And the king said, Who is in the court? Now Haman was come into the outward court of the king’s house, to speak unto the king to hang Mordecai on the gallows that he had prepared for him.
And the king’s servants said unto him, Behold, Haman standeth in the court. And the king said, Let him come in.
So Haman came in. And the king said unto him, What shall be done unto the man whom the king delighteth to honour? Now Haman thought in his heart, To whom would the king delight to do honour more than to myself?
And Haman answered the king, For the man whom the king delighteth to honour,
Let the royal apparel be brought which the king useth to wear, and the horse that the king rideth upon, and the crown royal which is set upon his head:
And let this apparel and horse be delivered to the hand of one of the king’s most noble princes, that they may array the man withal whom the king delighteth to honour, and bring him on horseback through the street of the city, and proclaim before him, Thus shall it be done to the man whom the king delighteth to honour.
Then the king said to Haman, Make haste, and take the apparel and the horse, as thou hast said, and do even so to Mordecai the Jew, that sitteth at the king’s gate: let nothing fail of all that thou hast spoken.
Then took Haman the apparel and the horse, and arrayed Mordecai, and brought him on horseback through the street of the city, and proclaimed before him, Thus shall it be done unto the man whom the king delighteth to honour.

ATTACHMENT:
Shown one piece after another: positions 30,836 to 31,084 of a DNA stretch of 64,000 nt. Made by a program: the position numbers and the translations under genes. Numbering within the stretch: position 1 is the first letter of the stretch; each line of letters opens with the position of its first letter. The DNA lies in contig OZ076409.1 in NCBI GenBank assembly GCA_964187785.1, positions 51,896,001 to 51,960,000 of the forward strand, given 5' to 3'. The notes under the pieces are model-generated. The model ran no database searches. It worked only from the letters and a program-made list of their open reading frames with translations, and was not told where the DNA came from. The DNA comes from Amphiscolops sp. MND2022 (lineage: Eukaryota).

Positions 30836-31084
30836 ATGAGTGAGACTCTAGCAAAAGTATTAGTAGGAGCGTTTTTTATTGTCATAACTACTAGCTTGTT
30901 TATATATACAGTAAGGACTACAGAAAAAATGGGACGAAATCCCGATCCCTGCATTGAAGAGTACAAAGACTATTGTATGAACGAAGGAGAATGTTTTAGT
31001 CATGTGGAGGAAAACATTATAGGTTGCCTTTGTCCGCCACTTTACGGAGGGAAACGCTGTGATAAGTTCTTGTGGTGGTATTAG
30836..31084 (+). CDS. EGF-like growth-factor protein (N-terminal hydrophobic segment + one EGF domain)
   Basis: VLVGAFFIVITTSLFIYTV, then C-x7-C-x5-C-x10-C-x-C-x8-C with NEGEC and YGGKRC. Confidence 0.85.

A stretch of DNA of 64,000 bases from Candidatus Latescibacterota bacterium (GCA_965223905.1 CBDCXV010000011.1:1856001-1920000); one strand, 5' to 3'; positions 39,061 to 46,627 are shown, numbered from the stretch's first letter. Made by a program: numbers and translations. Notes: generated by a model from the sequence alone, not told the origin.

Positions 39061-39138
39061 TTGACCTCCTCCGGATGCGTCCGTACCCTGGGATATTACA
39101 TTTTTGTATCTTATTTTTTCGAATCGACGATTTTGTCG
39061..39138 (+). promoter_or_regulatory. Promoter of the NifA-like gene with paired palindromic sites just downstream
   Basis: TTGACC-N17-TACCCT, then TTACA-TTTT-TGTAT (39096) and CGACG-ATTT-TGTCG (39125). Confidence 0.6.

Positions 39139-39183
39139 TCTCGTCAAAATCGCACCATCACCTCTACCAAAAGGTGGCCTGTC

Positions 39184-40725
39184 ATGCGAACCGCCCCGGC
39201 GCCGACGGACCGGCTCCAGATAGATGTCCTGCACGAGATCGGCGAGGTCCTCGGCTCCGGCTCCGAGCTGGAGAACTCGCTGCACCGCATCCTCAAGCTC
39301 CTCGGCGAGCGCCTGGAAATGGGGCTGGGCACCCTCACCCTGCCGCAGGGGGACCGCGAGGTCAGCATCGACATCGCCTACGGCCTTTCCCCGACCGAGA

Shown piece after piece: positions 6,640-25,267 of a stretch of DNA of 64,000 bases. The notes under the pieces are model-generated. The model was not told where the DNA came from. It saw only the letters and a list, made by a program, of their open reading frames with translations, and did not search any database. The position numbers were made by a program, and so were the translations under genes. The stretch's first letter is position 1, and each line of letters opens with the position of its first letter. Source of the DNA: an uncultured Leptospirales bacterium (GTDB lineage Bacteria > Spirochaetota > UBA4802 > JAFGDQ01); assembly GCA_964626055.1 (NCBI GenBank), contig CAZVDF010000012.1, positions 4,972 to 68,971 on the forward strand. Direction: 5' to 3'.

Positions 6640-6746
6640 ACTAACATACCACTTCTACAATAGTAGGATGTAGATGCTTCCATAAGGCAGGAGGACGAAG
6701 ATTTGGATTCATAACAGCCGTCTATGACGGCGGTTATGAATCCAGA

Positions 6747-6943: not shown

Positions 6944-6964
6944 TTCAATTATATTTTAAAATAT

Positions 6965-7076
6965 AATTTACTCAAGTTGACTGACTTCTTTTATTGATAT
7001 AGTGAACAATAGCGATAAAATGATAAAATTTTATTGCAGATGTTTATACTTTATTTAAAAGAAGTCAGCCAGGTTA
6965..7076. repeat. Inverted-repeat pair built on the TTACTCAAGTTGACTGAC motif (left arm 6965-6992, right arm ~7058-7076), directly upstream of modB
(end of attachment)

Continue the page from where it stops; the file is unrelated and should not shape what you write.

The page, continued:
And Mordecai came again to the king’s gate. But Haman hasted to his house mourning, and having his head covered.
And Haman told Zeresh his wife and all his friends every thing that had befallen him. Then said his wise men and Zeresh his wife unto him, If Mordecai be of the seed of the Jews, before whom thou hast begun to fall, thou shalt not prevail against him, but shalt surely fall before him.
And while they were yet talking with him, came the king’s chamberlains, and hasted to bring Haman unto the banquet that Esther had prepared” (Est 6:1-14).
The King’s Gate
Susa, the city of the summer palace of the Persian rulers, is the setting for Esther. Archaeological research conducted during the 1970s by a French team has uncovered some locations mentioned in the book.
A particularly interesting find is the gatehouse mentioned in Esther 2:19-21,3:2-3,4:2 and elsewhere. This gatehouse, approximately 87.5 yards (80 m) east of the palace, was an imposing structure.
It was about 43.8 yards (40 m) across and had a central room that was roughly 23 yards (21 m) square. Massive columns flanked the structure.
A trilingual inscription from Xerxes himself celebrates the building of the gatehouse by his predecessor, Darius, and honors the Persian god Ahuramazda.
A monumental statue of Darius also once stood at the western end of the gate.
The historian Herodotus spoke of suppliants who wailed before the Persian king’s gate (History, 3.117), and it may have been that the rule mentioned in 4:2 – that no one could enter the gate wearing sackcloth – was intended to make the point that petitioners could come as far as, but no farther than, this gate.